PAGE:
The reasons for military conflicts are often complicated and come in many shades of gray. The Moldavian Magnate Wars that took place at the Polish-Lithuanian Commonwealth’s southern border from the late 1590s to the 1620s were no different. The Commonwealth and the Ottoman Empire wrestled for control over the buffer territory belonging to Moldavia, but beyond that was the festering situation caused by the constant raiding and counter-raiding between the Tatars, vassals of the Ottoman Empire, and the Cossacks (more about them later).

In the Winged Warrior Series, I spend time portraying the devastation caused by the Tatar raiding parties that would swoop into southern Poland every year and carry off loot and numerous captives. Many of those captives were women and children who would end up being sold off in various slave markets within the Ottoman Empire, Caffa (modern-day Feodosiya) in the Crimea being one of the most notorious.

Depending upon the source one reads, estimates range from one to two million humans that were carried off between the 15th and 17th centuries, leaving vast sections of the Steppe devoid of habitation.

Cossacks black sea

On the other side of that same coin were the Cossack raiders who terrorized Ottoman settlements along the Black Sea coast. They were, in a word, pirates. They attacked from boats designed for speed and stealth

and were quite successful at their own looting and pillaging—so successful, in fact, that fortresses were specifically erected along the coastline to repel them. Those fortifications didn’t always prevent devastation and sometimes became part of the devastation themselves.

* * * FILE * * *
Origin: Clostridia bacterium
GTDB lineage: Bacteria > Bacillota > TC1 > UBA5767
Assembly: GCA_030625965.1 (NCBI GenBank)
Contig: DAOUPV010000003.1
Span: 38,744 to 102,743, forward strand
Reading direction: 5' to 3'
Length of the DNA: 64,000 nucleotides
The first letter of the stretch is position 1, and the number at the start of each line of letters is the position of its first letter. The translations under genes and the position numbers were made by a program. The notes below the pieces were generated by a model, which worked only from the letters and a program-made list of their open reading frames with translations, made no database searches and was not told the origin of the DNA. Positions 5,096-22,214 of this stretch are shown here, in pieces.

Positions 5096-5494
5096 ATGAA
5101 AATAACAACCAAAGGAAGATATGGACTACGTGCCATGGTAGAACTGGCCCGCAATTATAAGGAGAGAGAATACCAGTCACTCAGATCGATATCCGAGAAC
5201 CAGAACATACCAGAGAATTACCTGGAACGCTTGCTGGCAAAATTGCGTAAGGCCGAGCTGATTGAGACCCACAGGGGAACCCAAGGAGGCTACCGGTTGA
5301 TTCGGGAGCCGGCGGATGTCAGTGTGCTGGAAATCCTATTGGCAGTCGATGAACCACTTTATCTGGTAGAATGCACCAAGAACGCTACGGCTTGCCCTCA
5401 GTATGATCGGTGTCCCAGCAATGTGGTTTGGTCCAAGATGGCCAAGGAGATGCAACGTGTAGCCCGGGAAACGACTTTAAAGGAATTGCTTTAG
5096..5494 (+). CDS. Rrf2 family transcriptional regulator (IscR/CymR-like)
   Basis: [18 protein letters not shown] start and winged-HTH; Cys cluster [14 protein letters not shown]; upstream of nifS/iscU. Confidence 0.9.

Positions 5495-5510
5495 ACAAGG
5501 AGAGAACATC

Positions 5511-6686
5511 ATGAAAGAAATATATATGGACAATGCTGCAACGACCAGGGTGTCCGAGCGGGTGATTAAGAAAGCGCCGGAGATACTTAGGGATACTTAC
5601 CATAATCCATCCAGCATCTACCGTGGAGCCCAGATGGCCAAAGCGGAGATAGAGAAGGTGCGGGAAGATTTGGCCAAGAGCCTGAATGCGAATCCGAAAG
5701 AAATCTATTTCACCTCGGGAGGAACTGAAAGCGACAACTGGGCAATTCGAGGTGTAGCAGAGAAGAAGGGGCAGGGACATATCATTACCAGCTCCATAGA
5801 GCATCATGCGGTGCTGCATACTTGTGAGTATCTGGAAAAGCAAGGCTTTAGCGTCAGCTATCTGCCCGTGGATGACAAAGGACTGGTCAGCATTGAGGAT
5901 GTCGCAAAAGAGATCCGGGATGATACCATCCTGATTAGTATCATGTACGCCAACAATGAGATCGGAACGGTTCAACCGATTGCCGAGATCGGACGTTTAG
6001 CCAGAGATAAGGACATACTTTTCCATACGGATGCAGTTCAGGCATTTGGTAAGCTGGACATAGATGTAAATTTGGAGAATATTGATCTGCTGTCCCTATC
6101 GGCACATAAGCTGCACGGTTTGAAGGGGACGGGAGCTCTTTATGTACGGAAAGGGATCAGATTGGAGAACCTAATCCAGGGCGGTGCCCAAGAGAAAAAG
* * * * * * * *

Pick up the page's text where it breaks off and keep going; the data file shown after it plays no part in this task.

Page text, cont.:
Protests from the Ottomans and the Poles resulted in numerous treaties between the two sides, but the raiding continued despite the agreements. One assault would result in a counter-assault, and so the vicious cycle continued, with each side holding the other responsible. The Ottomans would claim they were trying to rein in the Tatars while the Commonwealth insisted the damage was being done by the Don Cossacks—who were not under Commonwealth control—rather than the Zaporozhian Cossacks, who were considered to be part of the Commonwealth (at times more loosely associated than at others).

In various letters penned by commanders of Black Sea forts and ships are descriptions of the vexing problem the Cossacks presented. One author forfeited his life shortly after delivering his report because he had failed to stop the destruction of the fortress under his command.

Whichever group of Cossacks deserves the blame (and perhaps both do), they were bold, ruthless raiders who ventured as far south as Constantinople, where they set fire to an outer suburb belonging to the city.

With the allure of profit and an abundance of audacity on each side, it was no wonder Tatars and Cossacks alike were nearly impossible for the reigning powers to bring to heel.